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Thirty Years of Steel Magnolias

On the advice of a playwright friend, actor Robert Harling sat down and wrote a play about the pain his family went through when his sister Susan died of complications from diabetes. He wrote about the strong Southern women who surrounded his mother during her grief. The experience was cathartic, yet he was afraid to tell his parents about it. But the play was produced in 1987, moved to Broadway, and then to the silver screen. In a fascinating oral history, the people that were involved in Steel Magnolias tell the story from Susan's death to the filming of the movie in Natchitoches, Louisiana.

ROBERT HARLING  Julia was so eager to have the stamp of approval from Mama and Daddy to play their daughter. She’d come over, and Daddy would cook hamburgers and they’d talk, and she’d write poetry and she’d read us the poetry, and Dolly would come over and sit on the sofa and play her guitar. It was just beyond surreal. Dolly wrote a song called “Eagle When She Flies.” It was written for the movie, and Herbert was going to play it over the credits, but he changed his mind. There’s a line about the “sweet magnolia” that originally had been “steel magnolia,” and she played it for my parents as she was writing it.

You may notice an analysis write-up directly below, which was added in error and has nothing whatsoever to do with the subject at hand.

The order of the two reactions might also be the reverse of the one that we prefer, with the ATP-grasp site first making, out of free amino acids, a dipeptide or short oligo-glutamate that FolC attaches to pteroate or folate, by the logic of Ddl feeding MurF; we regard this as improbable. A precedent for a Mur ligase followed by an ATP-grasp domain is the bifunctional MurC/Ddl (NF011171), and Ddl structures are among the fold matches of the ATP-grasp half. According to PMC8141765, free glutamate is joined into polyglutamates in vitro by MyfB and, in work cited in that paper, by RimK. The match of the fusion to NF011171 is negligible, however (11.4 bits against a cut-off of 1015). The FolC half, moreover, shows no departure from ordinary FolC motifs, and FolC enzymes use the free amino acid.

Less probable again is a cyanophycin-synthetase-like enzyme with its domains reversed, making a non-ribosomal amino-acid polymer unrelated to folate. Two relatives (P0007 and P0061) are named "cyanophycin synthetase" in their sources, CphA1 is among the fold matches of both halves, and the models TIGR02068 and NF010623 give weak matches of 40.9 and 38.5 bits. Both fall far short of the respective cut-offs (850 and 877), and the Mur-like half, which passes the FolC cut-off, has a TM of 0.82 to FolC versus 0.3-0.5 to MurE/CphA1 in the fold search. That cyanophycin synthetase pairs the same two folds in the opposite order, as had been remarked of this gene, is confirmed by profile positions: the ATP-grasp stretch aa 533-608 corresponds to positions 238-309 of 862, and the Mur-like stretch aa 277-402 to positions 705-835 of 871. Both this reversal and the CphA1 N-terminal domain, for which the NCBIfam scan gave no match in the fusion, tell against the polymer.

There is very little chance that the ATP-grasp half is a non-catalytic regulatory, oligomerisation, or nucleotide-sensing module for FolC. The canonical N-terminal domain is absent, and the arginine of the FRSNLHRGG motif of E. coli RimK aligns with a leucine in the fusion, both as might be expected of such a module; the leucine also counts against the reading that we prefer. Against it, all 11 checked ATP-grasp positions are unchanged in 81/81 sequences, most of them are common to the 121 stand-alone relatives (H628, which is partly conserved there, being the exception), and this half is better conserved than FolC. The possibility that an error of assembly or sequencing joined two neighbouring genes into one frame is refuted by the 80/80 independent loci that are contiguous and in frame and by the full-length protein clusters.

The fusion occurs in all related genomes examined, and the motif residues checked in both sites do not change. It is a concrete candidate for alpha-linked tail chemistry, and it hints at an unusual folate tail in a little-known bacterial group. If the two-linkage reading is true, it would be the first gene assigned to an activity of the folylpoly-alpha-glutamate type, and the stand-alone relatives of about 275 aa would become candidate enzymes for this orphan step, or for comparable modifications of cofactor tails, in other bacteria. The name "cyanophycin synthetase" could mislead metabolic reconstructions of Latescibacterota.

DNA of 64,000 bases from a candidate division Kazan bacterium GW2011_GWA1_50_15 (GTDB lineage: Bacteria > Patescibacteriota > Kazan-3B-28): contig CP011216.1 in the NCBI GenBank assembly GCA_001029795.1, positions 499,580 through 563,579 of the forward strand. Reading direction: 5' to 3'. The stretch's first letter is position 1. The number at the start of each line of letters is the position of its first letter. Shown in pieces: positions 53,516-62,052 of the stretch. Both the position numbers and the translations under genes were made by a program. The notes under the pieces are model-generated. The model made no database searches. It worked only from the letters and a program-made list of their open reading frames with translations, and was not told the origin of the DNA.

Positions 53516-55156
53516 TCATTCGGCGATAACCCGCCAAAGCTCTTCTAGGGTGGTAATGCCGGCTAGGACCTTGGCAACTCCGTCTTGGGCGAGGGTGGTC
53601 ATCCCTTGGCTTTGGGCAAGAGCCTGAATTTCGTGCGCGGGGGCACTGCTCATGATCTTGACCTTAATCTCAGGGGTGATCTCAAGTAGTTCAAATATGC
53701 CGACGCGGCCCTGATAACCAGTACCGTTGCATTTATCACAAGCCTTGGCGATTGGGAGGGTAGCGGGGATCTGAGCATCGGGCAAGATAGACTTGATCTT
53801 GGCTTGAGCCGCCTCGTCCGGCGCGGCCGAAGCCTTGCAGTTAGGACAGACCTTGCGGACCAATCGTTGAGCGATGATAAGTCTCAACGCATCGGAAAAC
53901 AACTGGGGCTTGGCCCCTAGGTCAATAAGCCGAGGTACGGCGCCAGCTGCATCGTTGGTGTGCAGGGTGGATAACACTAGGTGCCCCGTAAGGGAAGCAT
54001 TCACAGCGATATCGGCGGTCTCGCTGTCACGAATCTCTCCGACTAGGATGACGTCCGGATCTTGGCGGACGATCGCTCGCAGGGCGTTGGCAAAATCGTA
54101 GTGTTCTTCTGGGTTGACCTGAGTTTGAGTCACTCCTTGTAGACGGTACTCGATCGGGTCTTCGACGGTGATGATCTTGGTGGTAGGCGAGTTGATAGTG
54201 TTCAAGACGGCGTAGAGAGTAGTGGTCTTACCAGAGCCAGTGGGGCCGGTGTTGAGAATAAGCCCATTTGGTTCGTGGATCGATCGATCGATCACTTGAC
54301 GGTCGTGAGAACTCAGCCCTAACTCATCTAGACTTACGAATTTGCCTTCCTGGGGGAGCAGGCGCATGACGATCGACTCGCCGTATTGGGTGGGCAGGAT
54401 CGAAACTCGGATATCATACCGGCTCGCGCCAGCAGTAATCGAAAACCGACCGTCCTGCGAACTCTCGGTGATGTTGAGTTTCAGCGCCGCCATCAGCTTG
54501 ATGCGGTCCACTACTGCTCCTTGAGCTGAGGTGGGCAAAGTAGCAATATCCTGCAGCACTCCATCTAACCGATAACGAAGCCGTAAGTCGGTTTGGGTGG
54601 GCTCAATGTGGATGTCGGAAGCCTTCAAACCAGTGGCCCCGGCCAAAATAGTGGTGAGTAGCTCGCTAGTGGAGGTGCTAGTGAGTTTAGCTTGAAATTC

SHIRLEY MACLAINE It was really hot. There was Dolly with a waist cincher no more than sixteen inches around and heels about two feet high and a wig that must have weighed twenty-three pounds. And she’s the only one who didn’t sweat. She never complained about anything. Never. The rest of us were always complaining.

ROBERT HARLING  We were shooting part of the Christmas scene, and this was in the dead of August, and we were sitting out on the porch of Truvy’s beauty shop. We were waiting, and there was a lot of stop and start. The women were dressed for Christmas, and Dolly was sitting on the swing. She had on that white cashmere sweater with the marabou around the neck, and she was just swinging, cool as a cucumber. Julia said, “Dolly, we’re dying and you never say a word. Why don’t you let loose?” Dolly very serenely smiled and said, “When I was young and had nothing, I wanted to be rich and famous, and now I am. So I’m not going to complain about anything.”   

Read the entire article chronicling the story of Steel Magnolias at Garden & Gun. -via Metafilter


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